Elections have consequences; that's the main lesson I guess we can take away from Jim DeMint's decision to flee the Senate and run the Heritage Foundation. Like most freely chosen job switches, DeMint's decision can be seen in 2 ways, I think: a comment on where he's leaving, or a sign of where he's going.
Lots of people, naturally focused on his leaving the Senate; though I think early reads on it missed the obvious fact that DeMint is leaving largely because the GOP lost, and for DeMint's purposes, lost huge. DeMint's been, in many ways, the Most Senior Elected Spokesman of the Tea Party movement, and his backing has been a 50/50 kiss of death. From Sarah Palin to Christine O'Donnell in Delaware to Todd Akin and Richard Mourdock, DeMint's been a big proponent of "replacing RINOs", a discussion that's all but meaningless to most liberals. But that RINO thing is a big deal to conservatives, and their systematic housecleaning of the GOP goes a long way to explaining the Republican crack-up (and, by extension, the shape and size of the GOP problems since 2006, or more likely 2004).
DeMint will not be especially missed; from Lindsay Graham to Mitch McConnell, it was mostly "so long, and thanks for... er, nothing." But his fleeing speaks volumes to the fact that DeMint is in some ways more of a realist than his colleagues - hence his rush to embace a Tea Party movement I'm not convinced even he entirely likes - and gets that, for now anyway, it's not going to be much fun to be a Republican in elected office. DeMint may be a conservative true believer, but if he thought he could really effectively push conservatism in government, he'd have stayed. At the same time, DeMint's canary in the coal mine move does offer some idea of how Republicans could pull it together more: getting rid of gadfly outliers (DeMint was no great shakes as an actual legislator) and drawing some lines about unacceptable extremes remains, to my mind, the base starting point of any serious Republican effort to regain lost ground.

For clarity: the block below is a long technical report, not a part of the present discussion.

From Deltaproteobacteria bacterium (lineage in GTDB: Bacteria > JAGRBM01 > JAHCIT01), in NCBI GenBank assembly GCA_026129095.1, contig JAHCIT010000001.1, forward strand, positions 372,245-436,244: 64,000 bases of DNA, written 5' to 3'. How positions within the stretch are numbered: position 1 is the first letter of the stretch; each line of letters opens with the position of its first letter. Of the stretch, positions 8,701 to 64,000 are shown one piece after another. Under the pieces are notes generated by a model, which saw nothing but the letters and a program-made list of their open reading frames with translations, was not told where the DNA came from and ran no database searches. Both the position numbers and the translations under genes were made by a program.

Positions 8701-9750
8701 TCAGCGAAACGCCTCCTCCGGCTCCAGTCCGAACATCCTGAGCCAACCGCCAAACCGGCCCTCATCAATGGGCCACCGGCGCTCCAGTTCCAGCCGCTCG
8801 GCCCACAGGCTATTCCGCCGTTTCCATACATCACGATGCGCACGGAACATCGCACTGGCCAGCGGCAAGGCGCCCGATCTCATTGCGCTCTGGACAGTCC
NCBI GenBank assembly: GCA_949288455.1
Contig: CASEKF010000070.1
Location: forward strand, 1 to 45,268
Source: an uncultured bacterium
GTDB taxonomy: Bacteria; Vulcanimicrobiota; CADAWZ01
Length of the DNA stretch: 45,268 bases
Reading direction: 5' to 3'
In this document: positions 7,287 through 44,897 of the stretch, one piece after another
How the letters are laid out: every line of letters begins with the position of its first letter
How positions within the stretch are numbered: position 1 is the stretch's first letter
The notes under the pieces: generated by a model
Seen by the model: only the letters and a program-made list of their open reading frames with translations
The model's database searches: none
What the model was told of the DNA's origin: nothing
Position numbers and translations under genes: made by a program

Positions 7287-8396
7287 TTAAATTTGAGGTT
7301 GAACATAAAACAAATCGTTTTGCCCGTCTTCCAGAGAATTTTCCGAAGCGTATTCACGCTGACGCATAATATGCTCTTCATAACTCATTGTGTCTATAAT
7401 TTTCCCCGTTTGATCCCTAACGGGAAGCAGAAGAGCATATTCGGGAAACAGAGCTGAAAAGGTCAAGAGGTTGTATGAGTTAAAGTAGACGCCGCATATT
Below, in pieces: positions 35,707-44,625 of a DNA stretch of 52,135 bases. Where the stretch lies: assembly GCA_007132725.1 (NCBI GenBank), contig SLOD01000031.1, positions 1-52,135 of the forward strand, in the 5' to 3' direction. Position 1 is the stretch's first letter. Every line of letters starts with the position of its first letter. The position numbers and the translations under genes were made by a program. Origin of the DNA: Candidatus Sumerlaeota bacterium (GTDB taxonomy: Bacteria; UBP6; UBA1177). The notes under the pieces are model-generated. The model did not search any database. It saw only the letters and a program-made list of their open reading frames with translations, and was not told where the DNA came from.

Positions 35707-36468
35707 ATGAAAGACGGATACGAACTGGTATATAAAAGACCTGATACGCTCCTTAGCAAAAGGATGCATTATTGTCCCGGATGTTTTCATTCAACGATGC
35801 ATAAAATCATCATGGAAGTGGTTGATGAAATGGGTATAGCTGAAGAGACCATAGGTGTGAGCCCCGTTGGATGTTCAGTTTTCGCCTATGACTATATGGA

At the same time, it's even more interesting to contemplate DeMint's rush to run Heritage. Up until yesterday, I don't think anyone knew or cared who was actually running Heritage, outside of Washington's right wing elite, and even there, Heritage seemed sort of an afterthought. There's more cachet at the top of the right wing think tank heap for the American Enterpirse Institute, and even though the Cato Institute is in a bit of a mess, they too have a higher profile and more of a specific (libertarian) voice.
This move, it strikes me, is about raising Heritgae's profile and its ability to make the news cycle with bomb throwing quotes; DeMint is not an especially serious ideas guy, not someone who puts the "think" in "think tank." He is, on the other hand, popular with Rush and Hannity and Mark Levin and the other Demi-Gods of talk radio, and an easy booking for Fox News, sure to be quoted and talked about (and, for now, a bigger star than the rest of the room at Heritage). Remaking Heritage into a louder, less thoughtful, angrier thing may well be the kind of brand definition the place needs. How that will help conservatives be more impactful or change the national conversation, I think, is harder to fathom.
DeMint and the Board of Heritage may be right that DeMint can resahpe the place into something more winning (even if, like, oh, say, President Obama, DeMint has essentially no executive experience). But from here, it's hard to see how simply being louder and more visible, angrier and more right wing helps either Heritage or the conservative movement in the long run, absent interesting ideas and a sense of renewed energy and fresh perspectives. Still DeMint was probably right to flee the Senate now, cash in and join the conservative money circuit while the getting is good. I'd just say the wise move might be to bank that cash before the far right gets seriously marginalized and cut off. I mean, the idea that conservativism, done louder will somehow seem more winning is just... demented.